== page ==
Why Teach Content Reading?


 

*We never stop learning to read.

*Students don't, or can't, read their textbooks.

*There are many problems with the textbook.

--poor  organization

--sequence  of events not in order

--abrupt shifts in topic

--headings, subheadings not related

--subheadings  not related to material contained in the section

--too much material covered in one chapter

--too many unrelated details

--little depth  on any topic

--information biased

--vocabulary not explained or poorly explained

--pictures not explained

--pictures and maps not related to information on the page

--poor sentence structure

--short, choppy sentences

--questions  at the end of chapters focus on details

--some questions not answerable based on information given

 

 

What We Teach When We Teach

Content Area Reading:

*information

*vocabulary

*organization

*graphics

*questions

*bias

 

 Source: Karen M. Feathers, Infotext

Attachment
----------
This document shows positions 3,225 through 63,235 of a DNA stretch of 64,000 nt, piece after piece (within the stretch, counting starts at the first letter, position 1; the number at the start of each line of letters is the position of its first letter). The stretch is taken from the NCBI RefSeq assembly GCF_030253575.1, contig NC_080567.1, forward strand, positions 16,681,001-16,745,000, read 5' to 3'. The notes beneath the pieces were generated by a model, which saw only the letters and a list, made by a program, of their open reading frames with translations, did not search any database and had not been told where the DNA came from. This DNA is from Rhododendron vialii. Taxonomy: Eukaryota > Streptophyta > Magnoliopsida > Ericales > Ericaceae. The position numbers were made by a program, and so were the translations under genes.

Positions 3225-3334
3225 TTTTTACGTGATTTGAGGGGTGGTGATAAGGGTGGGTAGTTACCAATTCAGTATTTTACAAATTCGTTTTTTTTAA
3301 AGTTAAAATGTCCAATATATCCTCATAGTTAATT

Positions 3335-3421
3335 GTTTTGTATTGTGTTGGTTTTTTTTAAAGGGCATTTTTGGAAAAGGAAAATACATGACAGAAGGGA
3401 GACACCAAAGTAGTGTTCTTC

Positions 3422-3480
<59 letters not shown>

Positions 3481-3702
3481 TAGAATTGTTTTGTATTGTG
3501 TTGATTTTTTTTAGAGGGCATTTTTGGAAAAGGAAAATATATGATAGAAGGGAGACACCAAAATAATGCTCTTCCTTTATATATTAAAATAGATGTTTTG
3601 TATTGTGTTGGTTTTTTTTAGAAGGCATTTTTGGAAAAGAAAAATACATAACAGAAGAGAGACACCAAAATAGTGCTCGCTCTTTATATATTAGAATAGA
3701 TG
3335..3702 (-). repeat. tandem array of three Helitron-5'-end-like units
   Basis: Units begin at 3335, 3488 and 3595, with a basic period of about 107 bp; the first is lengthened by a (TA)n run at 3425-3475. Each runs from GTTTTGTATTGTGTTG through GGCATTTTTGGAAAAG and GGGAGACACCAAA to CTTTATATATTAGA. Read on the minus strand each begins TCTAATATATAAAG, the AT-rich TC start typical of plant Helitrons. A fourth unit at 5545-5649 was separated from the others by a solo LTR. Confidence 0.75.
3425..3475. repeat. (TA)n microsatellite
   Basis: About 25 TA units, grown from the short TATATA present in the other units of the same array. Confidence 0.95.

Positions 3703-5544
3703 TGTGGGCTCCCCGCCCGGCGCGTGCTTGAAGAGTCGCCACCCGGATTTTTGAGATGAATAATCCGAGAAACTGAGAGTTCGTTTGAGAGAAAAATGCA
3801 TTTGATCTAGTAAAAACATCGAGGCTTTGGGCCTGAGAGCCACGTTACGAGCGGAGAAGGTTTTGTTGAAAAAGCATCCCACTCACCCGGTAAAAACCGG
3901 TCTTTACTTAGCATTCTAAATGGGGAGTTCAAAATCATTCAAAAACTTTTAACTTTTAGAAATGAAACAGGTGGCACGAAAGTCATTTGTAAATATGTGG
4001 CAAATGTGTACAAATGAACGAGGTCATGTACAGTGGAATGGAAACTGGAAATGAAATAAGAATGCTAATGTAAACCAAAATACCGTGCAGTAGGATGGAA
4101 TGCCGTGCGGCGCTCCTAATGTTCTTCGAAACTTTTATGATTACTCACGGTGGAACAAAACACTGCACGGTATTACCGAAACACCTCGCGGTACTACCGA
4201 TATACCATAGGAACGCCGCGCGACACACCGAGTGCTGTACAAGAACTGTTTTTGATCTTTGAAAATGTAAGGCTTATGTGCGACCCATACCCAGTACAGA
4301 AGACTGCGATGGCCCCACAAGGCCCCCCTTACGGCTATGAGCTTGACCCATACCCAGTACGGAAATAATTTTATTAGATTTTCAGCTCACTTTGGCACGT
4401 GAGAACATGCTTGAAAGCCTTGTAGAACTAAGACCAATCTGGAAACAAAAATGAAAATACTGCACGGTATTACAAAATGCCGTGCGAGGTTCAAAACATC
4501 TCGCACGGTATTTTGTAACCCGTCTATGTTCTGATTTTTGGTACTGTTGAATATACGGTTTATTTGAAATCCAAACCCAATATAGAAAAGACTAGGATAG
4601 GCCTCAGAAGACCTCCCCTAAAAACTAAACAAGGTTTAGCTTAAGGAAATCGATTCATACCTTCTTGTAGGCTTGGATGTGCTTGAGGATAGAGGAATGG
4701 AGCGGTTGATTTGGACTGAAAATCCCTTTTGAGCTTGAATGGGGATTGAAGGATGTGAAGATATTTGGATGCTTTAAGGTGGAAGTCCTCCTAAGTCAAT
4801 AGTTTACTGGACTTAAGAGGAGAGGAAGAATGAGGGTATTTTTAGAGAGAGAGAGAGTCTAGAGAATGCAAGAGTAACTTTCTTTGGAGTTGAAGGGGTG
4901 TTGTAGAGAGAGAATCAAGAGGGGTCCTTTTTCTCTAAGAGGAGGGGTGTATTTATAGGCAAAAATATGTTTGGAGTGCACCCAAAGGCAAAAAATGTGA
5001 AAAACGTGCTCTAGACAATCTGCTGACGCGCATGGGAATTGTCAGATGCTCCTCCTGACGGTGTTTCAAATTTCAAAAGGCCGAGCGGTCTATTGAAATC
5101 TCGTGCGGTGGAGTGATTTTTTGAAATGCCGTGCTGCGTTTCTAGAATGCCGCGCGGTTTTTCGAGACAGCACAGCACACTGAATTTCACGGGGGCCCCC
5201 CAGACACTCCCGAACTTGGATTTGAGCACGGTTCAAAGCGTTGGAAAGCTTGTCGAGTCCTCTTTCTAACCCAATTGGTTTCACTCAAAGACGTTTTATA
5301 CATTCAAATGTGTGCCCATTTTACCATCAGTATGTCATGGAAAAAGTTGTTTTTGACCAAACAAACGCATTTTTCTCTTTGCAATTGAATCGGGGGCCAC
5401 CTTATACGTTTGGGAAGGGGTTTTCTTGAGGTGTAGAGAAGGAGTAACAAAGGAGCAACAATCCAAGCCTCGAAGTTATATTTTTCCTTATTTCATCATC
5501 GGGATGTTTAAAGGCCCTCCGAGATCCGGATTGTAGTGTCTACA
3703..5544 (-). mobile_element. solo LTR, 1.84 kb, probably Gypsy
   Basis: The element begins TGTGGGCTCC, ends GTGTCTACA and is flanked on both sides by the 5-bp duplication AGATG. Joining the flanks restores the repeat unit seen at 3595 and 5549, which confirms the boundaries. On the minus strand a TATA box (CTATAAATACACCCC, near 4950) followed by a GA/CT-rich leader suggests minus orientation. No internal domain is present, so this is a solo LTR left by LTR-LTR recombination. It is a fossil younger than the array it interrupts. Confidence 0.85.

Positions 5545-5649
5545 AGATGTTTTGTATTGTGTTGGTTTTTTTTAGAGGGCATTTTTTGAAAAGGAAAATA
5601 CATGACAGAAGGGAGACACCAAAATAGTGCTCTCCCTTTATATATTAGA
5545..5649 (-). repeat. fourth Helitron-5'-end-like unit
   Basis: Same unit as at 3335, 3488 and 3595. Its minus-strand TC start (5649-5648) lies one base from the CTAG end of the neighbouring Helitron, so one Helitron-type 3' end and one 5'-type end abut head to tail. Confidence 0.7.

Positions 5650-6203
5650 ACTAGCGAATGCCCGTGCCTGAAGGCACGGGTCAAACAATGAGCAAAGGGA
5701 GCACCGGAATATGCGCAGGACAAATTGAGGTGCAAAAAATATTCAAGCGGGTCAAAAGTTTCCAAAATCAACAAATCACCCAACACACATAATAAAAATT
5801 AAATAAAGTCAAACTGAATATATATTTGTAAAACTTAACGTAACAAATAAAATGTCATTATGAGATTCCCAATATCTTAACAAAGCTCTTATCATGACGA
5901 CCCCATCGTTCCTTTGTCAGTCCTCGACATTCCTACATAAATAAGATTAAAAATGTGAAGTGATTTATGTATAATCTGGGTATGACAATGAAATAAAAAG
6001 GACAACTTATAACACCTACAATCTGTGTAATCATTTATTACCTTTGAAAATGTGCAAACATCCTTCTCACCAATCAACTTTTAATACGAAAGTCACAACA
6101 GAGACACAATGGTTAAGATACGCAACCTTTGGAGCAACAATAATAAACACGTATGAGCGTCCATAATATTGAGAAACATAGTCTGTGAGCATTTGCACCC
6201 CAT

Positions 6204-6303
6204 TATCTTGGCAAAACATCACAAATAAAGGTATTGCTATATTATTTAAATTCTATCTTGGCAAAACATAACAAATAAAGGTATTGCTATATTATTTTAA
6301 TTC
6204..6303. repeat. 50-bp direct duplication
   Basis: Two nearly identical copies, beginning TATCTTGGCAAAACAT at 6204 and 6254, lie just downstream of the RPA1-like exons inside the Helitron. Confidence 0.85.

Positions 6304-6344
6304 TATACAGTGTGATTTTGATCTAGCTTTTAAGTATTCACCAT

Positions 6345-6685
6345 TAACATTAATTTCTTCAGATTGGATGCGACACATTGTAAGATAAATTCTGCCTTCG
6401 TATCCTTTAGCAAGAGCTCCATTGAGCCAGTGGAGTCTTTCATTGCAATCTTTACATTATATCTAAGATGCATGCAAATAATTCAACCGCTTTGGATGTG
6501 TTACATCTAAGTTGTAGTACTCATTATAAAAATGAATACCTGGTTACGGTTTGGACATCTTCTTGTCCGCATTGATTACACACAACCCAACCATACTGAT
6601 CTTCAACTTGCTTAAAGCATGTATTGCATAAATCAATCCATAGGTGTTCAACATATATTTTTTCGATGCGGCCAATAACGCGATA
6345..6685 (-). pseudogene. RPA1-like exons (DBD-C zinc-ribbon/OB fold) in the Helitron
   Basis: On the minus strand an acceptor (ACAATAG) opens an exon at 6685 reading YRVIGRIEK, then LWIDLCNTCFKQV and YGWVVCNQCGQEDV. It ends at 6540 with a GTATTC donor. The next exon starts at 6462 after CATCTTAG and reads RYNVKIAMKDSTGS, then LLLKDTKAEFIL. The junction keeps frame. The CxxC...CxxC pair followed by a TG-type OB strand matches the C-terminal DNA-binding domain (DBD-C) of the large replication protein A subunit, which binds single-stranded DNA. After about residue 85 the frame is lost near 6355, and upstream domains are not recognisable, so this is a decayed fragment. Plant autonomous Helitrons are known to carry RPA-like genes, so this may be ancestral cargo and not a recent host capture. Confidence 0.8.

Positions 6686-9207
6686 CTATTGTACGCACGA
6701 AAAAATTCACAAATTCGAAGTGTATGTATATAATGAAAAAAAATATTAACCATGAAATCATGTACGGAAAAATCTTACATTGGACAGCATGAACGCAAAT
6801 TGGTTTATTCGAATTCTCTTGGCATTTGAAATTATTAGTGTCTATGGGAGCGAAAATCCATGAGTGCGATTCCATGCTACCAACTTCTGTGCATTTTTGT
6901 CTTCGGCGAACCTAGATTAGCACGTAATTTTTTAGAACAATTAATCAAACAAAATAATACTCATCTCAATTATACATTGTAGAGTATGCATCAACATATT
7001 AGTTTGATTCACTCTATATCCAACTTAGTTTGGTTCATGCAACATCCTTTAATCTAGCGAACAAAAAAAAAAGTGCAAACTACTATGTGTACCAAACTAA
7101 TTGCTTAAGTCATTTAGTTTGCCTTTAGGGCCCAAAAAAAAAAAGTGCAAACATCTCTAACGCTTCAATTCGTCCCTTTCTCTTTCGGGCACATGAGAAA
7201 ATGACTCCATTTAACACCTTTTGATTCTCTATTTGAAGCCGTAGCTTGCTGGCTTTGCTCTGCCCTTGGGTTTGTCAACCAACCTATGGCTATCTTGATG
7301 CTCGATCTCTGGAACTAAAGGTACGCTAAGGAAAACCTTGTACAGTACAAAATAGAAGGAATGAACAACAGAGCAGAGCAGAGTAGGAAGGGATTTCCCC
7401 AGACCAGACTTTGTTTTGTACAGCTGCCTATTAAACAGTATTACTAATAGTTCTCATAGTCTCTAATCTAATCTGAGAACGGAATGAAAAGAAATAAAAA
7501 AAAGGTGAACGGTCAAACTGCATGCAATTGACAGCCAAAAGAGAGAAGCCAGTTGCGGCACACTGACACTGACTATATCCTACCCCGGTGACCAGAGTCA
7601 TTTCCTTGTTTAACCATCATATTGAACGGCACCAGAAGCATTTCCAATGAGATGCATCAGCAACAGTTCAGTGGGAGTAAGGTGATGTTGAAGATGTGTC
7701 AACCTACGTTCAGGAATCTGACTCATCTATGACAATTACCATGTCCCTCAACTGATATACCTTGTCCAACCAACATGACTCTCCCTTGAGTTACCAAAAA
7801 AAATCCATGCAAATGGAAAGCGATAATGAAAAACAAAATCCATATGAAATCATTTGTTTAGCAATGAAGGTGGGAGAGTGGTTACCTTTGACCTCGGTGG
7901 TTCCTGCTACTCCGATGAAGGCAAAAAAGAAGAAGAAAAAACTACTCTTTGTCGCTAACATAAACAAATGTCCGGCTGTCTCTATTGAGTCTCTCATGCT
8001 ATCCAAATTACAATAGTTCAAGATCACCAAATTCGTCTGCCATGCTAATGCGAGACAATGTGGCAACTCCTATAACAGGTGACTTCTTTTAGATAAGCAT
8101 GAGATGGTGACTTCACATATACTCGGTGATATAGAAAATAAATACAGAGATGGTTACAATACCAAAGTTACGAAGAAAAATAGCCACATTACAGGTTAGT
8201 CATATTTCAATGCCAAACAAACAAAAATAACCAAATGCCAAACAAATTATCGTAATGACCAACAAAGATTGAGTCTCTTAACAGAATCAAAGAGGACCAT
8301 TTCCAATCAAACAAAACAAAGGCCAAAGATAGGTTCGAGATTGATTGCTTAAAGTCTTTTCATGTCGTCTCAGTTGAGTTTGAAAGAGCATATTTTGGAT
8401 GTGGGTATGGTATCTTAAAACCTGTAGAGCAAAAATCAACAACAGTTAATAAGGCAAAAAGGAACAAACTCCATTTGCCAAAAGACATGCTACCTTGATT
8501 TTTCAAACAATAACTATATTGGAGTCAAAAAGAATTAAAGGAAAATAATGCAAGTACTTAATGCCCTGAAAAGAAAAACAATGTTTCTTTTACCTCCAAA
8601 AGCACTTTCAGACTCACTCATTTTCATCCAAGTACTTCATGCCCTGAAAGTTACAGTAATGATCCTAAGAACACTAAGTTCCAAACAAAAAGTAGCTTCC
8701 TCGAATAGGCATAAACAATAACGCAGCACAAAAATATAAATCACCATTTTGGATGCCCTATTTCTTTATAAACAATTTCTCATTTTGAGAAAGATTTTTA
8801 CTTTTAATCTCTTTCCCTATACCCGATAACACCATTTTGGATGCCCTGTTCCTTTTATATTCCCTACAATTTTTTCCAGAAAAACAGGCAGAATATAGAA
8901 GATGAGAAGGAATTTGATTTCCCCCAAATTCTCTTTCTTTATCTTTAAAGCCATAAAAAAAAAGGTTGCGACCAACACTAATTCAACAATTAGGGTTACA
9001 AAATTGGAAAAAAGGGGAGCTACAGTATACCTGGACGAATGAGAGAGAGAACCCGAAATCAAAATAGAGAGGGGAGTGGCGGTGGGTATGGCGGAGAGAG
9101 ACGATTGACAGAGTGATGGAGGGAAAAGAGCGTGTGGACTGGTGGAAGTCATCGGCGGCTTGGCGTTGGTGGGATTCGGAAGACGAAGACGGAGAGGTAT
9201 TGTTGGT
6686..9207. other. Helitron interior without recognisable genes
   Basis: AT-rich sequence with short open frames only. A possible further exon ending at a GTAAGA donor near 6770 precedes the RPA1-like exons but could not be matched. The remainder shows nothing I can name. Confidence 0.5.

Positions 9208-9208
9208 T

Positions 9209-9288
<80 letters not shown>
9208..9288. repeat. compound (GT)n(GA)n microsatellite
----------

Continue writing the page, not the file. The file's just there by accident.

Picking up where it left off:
Home | Why Teach Content Reading? | Information Literacy | Reading To Learn

Informational Text | Reading Comprehension Strategies | Previewing Text | Be a SMART Reader!

Questioning The Author | Questioning The Author: Discussion Moves | Reciprocal Teaching | Reciprocal Teaching

Read, Cover, Remember, Retell | Understanding Text Structure | How To Take Notes | Research Skills 2000 | How To Read A Standardized Test

Ways to Scaffold Content Area Text For Students | Graphic Organizer Curbs Temptation To Plagiarize | Books That Support Literacy in the Content Areas